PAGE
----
Gabriela Wolf-Gonzalez: Seeking collaborative solutions for community-based climate planning
UMaine master’s student Gabriela Wolf-Gonzalez is collaboratively leading a new project to help tourism-dependent communities in Maine plan for climate change.
Master’s degree program: Ecology and Environmental Sciences
Research program: NRT: Enhancing Conservation Science and Practice
Advisors: Sandra de Urioste-Stone, Sarah Nelson
Mitchell Center project: We’re All in This Together: Participatory Planning for Community-Based Climate Change Adaptation
Feature story on Gabriela’s work: ‘We’re all in this together’: Students lead climate-planning project (Dec. 2020)
What problem(s) are you working to solve?
I am hoping to understand the link between awareness, knowledge, and action within conservation research. What are the barriers to action and participation, do we really need more information before we act?
What progress are you making toward solutions?
I am currently learning about risk perception theories and how large-scale communication can affect the public’s perceptions of certain issues (e.g., climate change).
How could your findings contribute to a sustainable future in Maine and beyond?
As a team, we’re working to compile and provide relevant information for communities that are interested in learning about the local impacts of climate change and developing plans to prepare for future impacts.
Why did you get involved with this Mitchell Center project?
I am currently part of the UMaine NSF National Research Traineeship (NRT) in Conservation. One of the goals of the NRT is to develop a collaborative project among the students. To fulfill this, my group started discussing what our mutual interests were and how we can expand our own research to develop something exciting.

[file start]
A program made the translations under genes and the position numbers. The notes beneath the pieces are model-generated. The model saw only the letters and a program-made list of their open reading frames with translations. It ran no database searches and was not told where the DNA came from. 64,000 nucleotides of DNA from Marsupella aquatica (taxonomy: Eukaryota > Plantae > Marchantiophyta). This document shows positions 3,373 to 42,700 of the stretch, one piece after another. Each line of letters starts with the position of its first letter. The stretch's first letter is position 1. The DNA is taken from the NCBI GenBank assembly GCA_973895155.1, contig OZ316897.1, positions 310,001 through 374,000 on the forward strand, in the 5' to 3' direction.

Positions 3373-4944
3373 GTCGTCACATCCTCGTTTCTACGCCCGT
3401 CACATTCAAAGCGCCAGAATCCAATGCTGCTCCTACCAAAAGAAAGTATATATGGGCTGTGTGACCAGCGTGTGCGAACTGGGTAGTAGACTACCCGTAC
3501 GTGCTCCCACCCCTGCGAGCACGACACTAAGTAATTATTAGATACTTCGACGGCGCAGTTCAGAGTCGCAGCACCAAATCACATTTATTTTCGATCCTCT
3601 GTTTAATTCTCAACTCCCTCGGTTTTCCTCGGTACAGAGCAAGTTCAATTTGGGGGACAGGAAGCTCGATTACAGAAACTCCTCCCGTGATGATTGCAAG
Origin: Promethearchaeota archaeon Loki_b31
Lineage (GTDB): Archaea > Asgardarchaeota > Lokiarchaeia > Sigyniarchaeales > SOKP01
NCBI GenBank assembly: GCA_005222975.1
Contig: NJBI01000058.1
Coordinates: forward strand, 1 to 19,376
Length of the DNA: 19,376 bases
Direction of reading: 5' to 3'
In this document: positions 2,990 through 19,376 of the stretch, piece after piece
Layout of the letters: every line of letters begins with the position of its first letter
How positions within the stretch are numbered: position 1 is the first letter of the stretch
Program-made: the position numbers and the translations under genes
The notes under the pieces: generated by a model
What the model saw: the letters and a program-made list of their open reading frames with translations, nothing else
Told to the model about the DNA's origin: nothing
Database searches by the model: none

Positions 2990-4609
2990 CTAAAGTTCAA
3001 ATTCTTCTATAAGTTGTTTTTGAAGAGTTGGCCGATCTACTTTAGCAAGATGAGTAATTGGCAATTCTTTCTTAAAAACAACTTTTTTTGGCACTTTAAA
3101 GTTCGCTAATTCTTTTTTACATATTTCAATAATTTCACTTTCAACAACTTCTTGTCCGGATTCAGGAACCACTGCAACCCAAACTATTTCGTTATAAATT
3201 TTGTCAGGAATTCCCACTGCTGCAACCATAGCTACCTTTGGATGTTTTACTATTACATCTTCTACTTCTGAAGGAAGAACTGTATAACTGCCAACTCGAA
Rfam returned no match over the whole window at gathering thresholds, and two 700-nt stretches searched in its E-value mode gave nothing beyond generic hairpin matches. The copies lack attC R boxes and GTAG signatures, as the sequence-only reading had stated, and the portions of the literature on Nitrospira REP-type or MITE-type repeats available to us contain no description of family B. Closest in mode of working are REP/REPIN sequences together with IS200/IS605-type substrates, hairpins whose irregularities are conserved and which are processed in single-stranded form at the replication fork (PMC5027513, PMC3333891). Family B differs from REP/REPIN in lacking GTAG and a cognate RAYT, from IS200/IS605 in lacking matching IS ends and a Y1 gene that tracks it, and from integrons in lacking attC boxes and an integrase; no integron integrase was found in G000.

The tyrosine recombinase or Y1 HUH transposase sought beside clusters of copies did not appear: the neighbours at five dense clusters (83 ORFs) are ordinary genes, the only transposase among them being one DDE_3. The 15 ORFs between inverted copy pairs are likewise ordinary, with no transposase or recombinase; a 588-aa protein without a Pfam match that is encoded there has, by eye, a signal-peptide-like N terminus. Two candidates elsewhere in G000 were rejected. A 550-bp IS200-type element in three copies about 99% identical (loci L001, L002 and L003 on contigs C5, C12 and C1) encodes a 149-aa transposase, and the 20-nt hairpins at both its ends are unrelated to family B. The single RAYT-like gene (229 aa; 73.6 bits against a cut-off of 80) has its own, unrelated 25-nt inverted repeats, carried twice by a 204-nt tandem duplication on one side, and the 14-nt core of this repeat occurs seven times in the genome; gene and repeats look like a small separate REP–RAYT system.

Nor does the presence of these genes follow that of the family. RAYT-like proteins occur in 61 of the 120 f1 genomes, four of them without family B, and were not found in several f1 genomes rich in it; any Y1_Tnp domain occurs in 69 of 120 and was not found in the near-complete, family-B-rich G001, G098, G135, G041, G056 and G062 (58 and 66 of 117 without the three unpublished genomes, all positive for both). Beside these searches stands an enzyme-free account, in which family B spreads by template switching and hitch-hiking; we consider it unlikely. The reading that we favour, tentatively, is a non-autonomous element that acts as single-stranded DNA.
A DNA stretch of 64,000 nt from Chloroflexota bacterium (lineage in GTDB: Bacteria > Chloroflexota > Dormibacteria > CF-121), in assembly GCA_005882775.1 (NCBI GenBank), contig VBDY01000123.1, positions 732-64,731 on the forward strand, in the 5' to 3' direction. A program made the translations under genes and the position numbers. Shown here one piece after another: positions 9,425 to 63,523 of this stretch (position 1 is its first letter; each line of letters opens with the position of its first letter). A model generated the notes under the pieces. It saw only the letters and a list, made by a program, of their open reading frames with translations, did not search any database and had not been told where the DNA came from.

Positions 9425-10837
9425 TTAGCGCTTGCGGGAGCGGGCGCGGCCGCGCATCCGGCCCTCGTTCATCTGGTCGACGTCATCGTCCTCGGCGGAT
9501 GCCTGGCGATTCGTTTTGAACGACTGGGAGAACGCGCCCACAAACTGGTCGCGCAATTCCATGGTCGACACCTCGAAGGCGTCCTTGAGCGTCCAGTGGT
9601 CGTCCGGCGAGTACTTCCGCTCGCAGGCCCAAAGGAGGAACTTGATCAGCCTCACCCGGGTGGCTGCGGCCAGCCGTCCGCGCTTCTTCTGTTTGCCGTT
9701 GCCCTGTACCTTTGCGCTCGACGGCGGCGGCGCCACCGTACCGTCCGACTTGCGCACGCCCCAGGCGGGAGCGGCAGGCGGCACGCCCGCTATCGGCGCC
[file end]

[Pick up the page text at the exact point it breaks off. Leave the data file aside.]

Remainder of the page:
What do you like best about working on an interdisciplinary team? What is most challenging?
I love learning new things and getting to know people. I’m constantly amazed at the different philosophies of research and who uses what. However, sometimes overcoming “language” barriers is difficult within an interdisciplinary team.
What do you find rewarding about collaborating with stakeholders? Most challenging?
I’m so glad to be part of this team, making an effort to actually “use” science and develop relationships that go beyond research.
What sustains you?
Earl Grey lattes, memes, and knowing that my work will reach communities I have interacted with.
Where do you hope to be in five years?
I hope to be living in Oregon and working with underserved communities and empowering them to be involved in conservation.